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Economic value of healthcare workforce vs support out of balance: WA report

The health sector is making a considerable contribution to WA’s coffers, but this value may not be reflected in support for its workforce, according to a new report.

To Health and Happiness: WA’s Health Industry Future, released by the Bankwest Curtin Economics Centre today, examined the supply and demand for healthcare services in the state and the workforce that delivers them.

It also confirmed something aged care workers have long been telling unions and the media – that personal care workers are likely to be substituting the work of enrolled nurses in Australia’s residential aged care homes.

Report author Professor Alan Duncan said the research found that overall the number of qualified staff has failed to keep pace with the number of people in residential aged care in the state with complex healthcare needs.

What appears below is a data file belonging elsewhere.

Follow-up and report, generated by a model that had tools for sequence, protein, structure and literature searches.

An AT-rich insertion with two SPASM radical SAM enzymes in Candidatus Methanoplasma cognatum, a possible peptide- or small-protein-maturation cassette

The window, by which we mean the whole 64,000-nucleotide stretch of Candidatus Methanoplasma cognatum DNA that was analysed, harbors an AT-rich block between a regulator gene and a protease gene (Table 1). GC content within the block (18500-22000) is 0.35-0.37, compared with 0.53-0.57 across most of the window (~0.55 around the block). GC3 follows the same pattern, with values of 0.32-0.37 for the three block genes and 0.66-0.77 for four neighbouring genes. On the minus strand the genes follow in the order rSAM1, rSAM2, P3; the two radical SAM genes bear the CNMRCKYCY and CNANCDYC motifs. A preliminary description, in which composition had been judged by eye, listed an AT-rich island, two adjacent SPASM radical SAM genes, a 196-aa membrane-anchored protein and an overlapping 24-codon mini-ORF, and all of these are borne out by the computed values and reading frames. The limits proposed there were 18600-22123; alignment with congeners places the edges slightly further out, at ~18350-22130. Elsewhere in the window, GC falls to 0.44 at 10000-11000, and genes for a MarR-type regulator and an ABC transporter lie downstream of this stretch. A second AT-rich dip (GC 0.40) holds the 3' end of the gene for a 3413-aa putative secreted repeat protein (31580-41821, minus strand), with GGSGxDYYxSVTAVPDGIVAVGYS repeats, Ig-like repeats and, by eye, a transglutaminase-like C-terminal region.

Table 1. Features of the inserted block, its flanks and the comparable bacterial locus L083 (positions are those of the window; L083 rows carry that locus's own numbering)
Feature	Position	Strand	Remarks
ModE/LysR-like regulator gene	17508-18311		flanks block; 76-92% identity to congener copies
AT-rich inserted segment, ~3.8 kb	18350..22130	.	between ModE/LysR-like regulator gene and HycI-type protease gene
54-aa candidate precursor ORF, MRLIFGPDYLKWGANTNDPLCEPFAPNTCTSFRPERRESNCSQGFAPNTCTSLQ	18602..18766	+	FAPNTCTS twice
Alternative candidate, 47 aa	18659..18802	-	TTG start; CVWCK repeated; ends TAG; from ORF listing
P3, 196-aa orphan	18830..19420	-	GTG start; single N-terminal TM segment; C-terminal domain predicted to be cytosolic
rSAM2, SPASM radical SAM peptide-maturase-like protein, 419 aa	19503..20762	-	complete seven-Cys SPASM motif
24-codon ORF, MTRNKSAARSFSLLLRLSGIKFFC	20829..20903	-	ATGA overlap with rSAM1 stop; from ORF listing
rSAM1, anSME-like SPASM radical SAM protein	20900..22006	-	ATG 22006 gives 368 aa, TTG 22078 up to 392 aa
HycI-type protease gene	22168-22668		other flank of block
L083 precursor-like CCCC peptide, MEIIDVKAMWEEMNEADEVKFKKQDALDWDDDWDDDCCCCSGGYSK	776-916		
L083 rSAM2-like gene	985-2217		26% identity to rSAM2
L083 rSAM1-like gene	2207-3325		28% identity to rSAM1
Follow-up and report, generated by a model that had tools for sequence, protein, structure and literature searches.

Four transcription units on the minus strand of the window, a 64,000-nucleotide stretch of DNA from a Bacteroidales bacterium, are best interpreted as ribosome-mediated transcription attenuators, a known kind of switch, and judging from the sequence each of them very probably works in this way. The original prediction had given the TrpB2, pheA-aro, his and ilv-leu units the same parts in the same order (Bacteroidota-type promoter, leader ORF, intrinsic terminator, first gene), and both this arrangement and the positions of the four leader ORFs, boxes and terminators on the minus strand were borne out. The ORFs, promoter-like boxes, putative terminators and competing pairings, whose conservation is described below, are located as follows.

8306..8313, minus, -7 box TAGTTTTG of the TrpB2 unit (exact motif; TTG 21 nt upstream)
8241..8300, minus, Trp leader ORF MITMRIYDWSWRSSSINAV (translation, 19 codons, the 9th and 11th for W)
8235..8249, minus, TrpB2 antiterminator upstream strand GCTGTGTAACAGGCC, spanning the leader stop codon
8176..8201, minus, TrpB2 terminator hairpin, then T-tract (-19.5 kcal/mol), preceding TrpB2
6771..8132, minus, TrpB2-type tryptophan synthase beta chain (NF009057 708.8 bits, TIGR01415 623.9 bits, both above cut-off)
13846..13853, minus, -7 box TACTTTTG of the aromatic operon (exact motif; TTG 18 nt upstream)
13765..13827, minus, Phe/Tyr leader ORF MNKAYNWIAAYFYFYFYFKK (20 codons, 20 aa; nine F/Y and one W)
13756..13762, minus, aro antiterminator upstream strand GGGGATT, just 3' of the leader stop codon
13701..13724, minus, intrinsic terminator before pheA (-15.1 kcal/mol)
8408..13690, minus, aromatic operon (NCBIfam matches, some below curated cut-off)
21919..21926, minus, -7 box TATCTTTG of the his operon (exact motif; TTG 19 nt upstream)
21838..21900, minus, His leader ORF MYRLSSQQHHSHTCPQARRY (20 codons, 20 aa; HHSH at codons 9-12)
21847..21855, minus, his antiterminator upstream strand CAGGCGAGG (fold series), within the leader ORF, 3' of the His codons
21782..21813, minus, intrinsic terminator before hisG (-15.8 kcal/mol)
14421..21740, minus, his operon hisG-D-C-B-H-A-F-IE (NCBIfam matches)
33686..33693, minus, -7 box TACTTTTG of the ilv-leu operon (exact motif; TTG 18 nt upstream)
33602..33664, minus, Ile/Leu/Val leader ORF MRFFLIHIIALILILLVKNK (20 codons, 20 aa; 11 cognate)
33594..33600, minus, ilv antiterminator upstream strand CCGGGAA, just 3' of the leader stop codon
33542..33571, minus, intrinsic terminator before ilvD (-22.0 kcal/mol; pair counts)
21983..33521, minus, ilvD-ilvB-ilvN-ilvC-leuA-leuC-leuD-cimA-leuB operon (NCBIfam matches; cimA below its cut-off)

“Across the state, less than a half (45 per cent) of the number of full-time enrolled nurses that should be employed in aged care are actually working in the sector, yet personal care workers are outnumbering their place in the estimated required workforce by as much as 173 per cent,” Duncan said.

“A similar trend was reported nationally, suggesting a substitution effect of low-skilled workers for higher-skilled tasks is occurring in the Australian aged care sector, which represents a risk to both those undertaking the care work and those being cared for.”

Overall, the report also found there was an increase in the number of Australian healthcare and support workers experiencing high or very high psychological distress – up from 13.1 per cent in 2007 to 16.3 per cent in 2015.

The level of support workers feeling very satisfied with their job also dropped, from 46 per cent in 2001 to 30 per cent in 2016.

“Signs of increasing poor physical health and psychological distress among healthcare and support workers, coupled with falling shares of the workforce being very satisfied with their jobs, could indicate a sector where employees are not given adequate support,” Duncan said.

With the report confirming that the healthcare sector is ranked third in terms of contribution to the WA economy, Duncan said the attention paid to the sector and the health and wellbeing of its own workforce may not be commensurate with its value.

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